Sunday, 5 April 2015

Journey to Otherness

My journey to otherness began at a young age. I was seven when my parents decided the state-run village school I attended wasn’t good enough for me. It didn’t matter that I was happy there, or that I would miss my two best friends – Victoria, a graceful, pretty, blonde girl I thought could have been a princess, and little Alex, a funny, feisty tom-boy. I have fond memories of the three of us performing ABBA’s “Dancing Queen” to anyone who cared to pay attention in the playground at break times. 

With apathy masquerading as best intentions I was shipped off to a Catholic school in the nearby town. I doubt I put up too much of a fight. My father, a stern disciplinarian, would have had none of it. He thought the strict environment of a religious institution was just what was needed to help me grow into the best possible version of myself. It is ironic that, to this day, he remains a staunch atheist. 

It started as soon as I arrived. I’m not sure why one particular classmate took an instant dislike to me but she did. I was introduced to the class as “Fiona Catrina Maclaren” and by the time I was seated at her table, just seconds later, she had labelled me with a cruel nickname. Derived from the Scottish roots of my name, it haunted me for the four years I spent at that school. 



I was ostracised before I’d been given a chance and I quickly became used to my own company. To be honest it was a good lesson to learn, together with developing a heightened sense of danger. I became very good at spotting potential situations that would be better for me to avoid. I would have made a good candidate for ninja school. 

It wasn’t until a couple of years later when another new girl started that I made a friend. Angela didn’t need a nickname as she came with her own. Her surname was Burke. “A Burke” and I found comfort in our little bubble of exclusion. We bonded over a love of Adam Ant and swapped tales of authoritarian fathers. She even had me singing in the playground again, though this time around it was “Prince Charming” and “Kids in America”, with ABBA consigned to the bin. 

I don’t think about those days often, though I have to say they left their mark. Like a little tattoo somewhere so discreet that only a few would ever get a glimpse. 

Through the power of modern technology I am in touch with “A Burke”. I’ve since moved hundreds of miles away whilst she still lives within a stone’s throw of our old stomping ground. Until recently the last I’d heard of my tormentor was that she was at university studying law. I imagined a glorious career as a hard-nosed defence lawyer. The kind that gets the guilty off scot-free. 

A recent conversation changed that. An opportunity presented itself for me to nonchalantly enquire about the lawyer during a “Whatever happened to ...” discussion. 

“Oh, didn’t you know?” Came the response. “She died of breast cancer in her late twenties.”

It’s hard to know what to feel about news such as this. Fifteen-year old news about someone who shaped my life in the way she did.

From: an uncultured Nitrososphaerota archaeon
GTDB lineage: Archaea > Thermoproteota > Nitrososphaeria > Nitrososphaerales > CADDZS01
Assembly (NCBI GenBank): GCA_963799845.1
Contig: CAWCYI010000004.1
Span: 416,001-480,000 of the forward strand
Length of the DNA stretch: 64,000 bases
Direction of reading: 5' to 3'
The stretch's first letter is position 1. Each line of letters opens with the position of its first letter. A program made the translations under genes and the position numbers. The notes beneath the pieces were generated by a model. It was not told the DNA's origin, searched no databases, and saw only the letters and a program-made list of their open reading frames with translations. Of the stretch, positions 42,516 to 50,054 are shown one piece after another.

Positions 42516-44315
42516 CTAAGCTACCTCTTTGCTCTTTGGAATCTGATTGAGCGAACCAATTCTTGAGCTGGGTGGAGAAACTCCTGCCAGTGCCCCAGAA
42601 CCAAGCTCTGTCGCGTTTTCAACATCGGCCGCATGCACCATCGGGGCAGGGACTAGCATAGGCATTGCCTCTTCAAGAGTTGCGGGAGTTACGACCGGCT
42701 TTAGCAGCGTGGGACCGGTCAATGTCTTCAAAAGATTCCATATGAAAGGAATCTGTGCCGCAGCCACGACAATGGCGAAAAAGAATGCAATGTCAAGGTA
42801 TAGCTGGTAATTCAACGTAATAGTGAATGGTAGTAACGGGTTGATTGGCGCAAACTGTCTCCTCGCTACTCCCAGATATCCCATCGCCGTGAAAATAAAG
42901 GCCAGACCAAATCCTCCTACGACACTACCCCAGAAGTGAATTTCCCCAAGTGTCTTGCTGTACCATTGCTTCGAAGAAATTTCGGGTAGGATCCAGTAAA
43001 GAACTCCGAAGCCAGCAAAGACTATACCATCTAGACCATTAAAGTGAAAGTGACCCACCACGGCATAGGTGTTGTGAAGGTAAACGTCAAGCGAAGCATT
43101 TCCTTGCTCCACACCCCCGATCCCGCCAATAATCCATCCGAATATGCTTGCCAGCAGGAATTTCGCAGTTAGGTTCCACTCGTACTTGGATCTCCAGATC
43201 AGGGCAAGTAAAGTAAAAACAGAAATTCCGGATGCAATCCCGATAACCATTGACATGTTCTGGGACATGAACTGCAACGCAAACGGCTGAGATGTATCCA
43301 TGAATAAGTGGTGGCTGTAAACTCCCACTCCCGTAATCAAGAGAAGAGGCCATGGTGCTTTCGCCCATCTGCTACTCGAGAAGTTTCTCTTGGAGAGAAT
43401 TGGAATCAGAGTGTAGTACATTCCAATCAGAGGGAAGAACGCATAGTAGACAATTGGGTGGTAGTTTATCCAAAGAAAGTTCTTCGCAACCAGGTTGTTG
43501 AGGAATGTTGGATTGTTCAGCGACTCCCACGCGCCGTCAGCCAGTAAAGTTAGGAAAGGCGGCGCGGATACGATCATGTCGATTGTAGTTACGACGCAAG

But I’ll work it out. I always do.
 
Black Sheep
Black sheep, don’t cry
Your rainbow will shine
In a gentle heart’s presence
 
Black sheep, don’t ask why
Walk your path with purpose
You weren’t meant to follow the flock
 
Black sheep, fly high
Break the chains of judgement
Soar above the clouds with your dream
 
Thank you for reading,
Fiona
 
Reactions:

3 comments:

Christo said...

Thanks for being able to be so candid, Fiona - starting at a new school when everyone else has formed their friendships must be difficult, and I feel very fortunate never to have been in that position, and to have mostly avoided having a horrid tormentor as you experienced.
I hope at least the teachers at your new school were kindly, and it is good that eventually another new arrival became a close friend with whom you are in contact.
I can barely believe how often "back then" teachers dared to be as horrid as some of the pupils - a friend whoseparents moved the family from Manchester to Blackpool was told by her new Headmistress that the school "has no choice but to accept guttersnipes like you and your sister", but that the school "will endeavour to civilize the two of you".
Pam went on to become Head of Science at a Hong Kong Girls' School, and you have proved your tormentor just as wrong as that disgraceful Head was about Pam.

Adele said...

Sounds like my Headmistress Christo. Lillian Oldham at Elmslie was a real piece of work.

Fiona, I really enjoyed reading this , despite your pain at the time you have become a self-starter, a great mother and have an interesting career. I don't believe in wishing harm on another but fervently believe that we each get out of life exactly what we deserve. Sometimes instantaneously: Sometimes a little further down the line. Karma perhaps.

Fiona said...

Thank you both for your kind comments. I enjoyed writing this, I even found it therapeutic! However my brush with a bully was nothing compared to what some go through. I do feel for kids nowadays who can't leave their stresses at the school gates. The online bullying they are subjected to means that, for some, there's no escape. A sad aspect of modern life.